In light of the ruling, the Home Office must update its policy on Section 3C leave, ensuring that all those affected have a means of proving their status. As such, the case represents a significant step in addressing the challenges faced by migrants under Section 3C leave and ensuring their rights are upheld.

The Court has asked the parties involved to agree on what reasonable measures can be implemented and within what timeframe, and to determine whether a mandatory order should be issued to ensure the Secretary of State complies with this agreement.

It is expected that the solution will be the provision of a digital status, similar to the Certificate of Application issued under the EU Settlement Scheme. However, as the Home Office is currently undergoing the transition to eVisas, incorporating individuals on Section 3C leave in this move to a digital system could pose a significant challenge for the Home Office, not least since the roll out of the eVisa system in itself is proving problematic, due to issues such as technical errors, poor public awareness, lack of provision for vulnerable migrants – all exacerbated by the absence of a transitional phase after 31 December 2024.

Finally, for visa holders, the introduction of documentation for 3C leave should not encourage complacency about visa expiry dates. It is important to remember that if an application is refused while an individual is on Section 3C leave, the extension of their previous visa conditions under Section 3C becomes invalid, and they may become an overstayer. Therefore, it is still preferable to submit applications as early as possible, aiming for a decision before the visa expiry date.

 

Need Assistance?

 

If you are concerned about the implications of the decision on your organisation’s right to work procedures and policies, of on your personal immigration status in the UK, speak to our immigration compliance experts.

Author

Founder and Managing Director Anne Morris is a fully qualified solicitor and trusted adviser to large corporates through to SMEs, providing strategic immigration and global mobility advice to support employers with UK operations to meet their workforce needs through corporate immigration.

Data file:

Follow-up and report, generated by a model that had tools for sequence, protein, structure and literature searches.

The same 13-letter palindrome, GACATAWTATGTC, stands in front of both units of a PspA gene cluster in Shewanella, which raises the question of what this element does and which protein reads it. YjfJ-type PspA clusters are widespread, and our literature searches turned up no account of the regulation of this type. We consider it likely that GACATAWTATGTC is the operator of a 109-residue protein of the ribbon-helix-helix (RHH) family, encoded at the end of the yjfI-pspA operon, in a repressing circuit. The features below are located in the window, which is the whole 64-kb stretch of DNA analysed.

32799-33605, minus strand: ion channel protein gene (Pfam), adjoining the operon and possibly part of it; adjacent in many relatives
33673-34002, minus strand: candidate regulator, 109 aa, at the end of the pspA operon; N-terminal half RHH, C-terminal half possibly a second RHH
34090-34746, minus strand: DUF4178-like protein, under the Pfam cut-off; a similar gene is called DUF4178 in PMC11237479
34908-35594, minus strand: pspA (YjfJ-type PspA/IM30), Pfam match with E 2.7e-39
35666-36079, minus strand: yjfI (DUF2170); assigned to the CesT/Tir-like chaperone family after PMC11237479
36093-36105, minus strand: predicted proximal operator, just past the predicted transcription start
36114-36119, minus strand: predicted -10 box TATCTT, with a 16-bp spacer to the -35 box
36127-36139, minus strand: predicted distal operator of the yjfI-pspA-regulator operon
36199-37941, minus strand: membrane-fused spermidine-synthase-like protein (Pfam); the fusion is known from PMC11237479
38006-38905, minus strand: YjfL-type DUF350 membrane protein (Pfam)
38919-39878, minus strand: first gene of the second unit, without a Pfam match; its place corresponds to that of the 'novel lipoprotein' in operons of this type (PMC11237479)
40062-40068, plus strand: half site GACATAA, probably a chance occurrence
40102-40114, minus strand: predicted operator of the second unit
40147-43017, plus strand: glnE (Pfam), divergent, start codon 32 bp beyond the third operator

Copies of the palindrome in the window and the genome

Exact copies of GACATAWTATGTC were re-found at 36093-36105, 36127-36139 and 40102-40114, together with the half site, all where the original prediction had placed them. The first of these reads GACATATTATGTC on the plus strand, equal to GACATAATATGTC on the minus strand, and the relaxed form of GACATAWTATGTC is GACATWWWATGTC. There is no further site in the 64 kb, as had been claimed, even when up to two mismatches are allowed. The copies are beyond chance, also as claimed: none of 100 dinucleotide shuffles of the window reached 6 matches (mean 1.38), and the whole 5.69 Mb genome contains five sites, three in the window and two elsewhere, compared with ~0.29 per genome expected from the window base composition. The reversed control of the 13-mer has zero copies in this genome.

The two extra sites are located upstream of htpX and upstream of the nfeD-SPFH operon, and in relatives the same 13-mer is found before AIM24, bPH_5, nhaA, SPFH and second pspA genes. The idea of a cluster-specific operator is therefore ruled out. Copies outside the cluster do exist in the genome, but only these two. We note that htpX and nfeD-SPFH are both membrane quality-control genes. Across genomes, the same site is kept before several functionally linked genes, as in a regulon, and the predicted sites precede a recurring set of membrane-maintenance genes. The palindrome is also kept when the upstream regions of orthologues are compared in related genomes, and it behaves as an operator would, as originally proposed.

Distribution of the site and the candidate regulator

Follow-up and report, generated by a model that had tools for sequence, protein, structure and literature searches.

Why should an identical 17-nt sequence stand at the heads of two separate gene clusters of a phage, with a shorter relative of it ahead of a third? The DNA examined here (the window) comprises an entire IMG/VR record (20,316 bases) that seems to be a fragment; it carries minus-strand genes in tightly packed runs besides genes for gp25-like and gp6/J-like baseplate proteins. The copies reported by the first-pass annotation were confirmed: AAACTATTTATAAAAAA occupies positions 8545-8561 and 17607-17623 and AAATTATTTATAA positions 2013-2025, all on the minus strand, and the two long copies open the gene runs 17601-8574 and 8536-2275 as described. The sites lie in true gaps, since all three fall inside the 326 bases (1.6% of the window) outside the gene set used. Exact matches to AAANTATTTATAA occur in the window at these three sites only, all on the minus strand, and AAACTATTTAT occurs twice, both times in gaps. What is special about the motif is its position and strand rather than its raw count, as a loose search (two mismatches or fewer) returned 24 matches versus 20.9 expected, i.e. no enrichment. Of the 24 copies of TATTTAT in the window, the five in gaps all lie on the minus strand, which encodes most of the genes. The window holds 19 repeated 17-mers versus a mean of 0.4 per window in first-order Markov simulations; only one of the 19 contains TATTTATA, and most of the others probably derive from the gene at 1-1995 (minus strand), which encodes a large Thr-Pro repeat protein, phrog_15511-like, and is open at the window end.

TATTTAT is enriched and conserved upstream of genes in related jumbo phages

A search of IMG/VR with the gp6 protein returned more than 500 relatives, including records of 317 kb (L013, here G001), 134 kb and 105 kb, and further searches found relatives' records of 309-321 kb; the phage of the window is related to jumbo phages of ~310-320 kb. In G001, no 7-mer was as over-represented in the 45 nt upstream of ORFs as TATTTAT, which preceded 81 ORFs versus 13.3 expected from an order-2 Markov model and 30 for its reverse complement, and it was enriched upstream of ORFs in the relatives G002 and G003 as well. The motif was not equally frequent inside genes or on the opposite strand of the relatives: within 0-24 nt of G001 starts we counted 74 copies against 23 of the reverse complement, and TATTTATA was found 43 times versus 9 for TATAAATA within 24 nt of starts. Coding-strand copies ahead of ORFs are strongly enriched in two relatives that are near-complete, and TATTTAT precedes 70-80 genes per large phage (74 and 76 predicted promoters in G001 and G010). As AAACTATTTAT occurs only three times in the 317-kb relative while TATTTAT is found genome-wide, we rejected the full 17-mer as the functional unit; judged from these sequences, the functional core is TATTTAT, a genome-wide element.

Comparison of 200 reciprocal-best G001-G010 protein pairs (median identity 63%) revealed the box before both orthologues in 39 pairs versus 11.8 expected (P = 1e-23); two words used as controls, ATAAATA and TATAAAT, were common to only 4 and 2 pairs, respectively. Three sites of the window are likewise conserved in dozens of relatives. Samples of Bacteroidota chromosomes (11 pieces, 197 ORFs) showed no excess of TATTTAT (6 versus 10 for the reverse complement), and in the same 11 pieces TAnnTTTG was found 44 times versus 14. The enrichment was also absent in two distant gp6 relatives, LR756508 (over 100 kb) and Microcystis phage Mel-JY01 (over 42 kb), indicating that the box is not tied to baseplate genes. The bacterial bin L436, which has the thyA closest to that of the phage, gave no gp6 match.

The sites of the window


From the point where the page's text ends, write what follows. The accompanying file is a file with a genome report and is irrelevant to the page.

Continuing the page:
She is a recognised by Legal 500and Chambers as a legal expert and delivers Board-level advice on business migration and compliance risk management as well as overseeing the firm’s development of new client propositions and delivery of cost and time efficient processing of applications.

Anne is an active public speaker, immigration commentator, and immigration policy contributor and regularly hosts training sessions for employers and HR professionals

About DavidsonMorris

As employer solutions lawyers, DavidsonMorris offers a complete and cost-effective capability to meet employers’ needs across UK immigration and employment law, HR and global mobility.

Led by Anne Morris, one of the UK’s preeminent immigration lawyers, and with rankings in The Legal 500 and Chambers & Partners, we’re a multi-disciplinary team helping organisations to meet their people objectives, while reducing legal risk and nurturing workforce relations.

Legal Disclaimer

The matters contained in this article are intended to be for general information purposes only. This article does not constitute legal advice, nor is it a complete or authoritative statement of the law, and should not be treated as such. Whilst every effort is made to ensure that the information is correct at the time of writing, no warranty, express or implied, is given as to its accuracy and no liability is accepted for any error or omission. Before acting on any of the information contained herein, expert legal advice should be sought.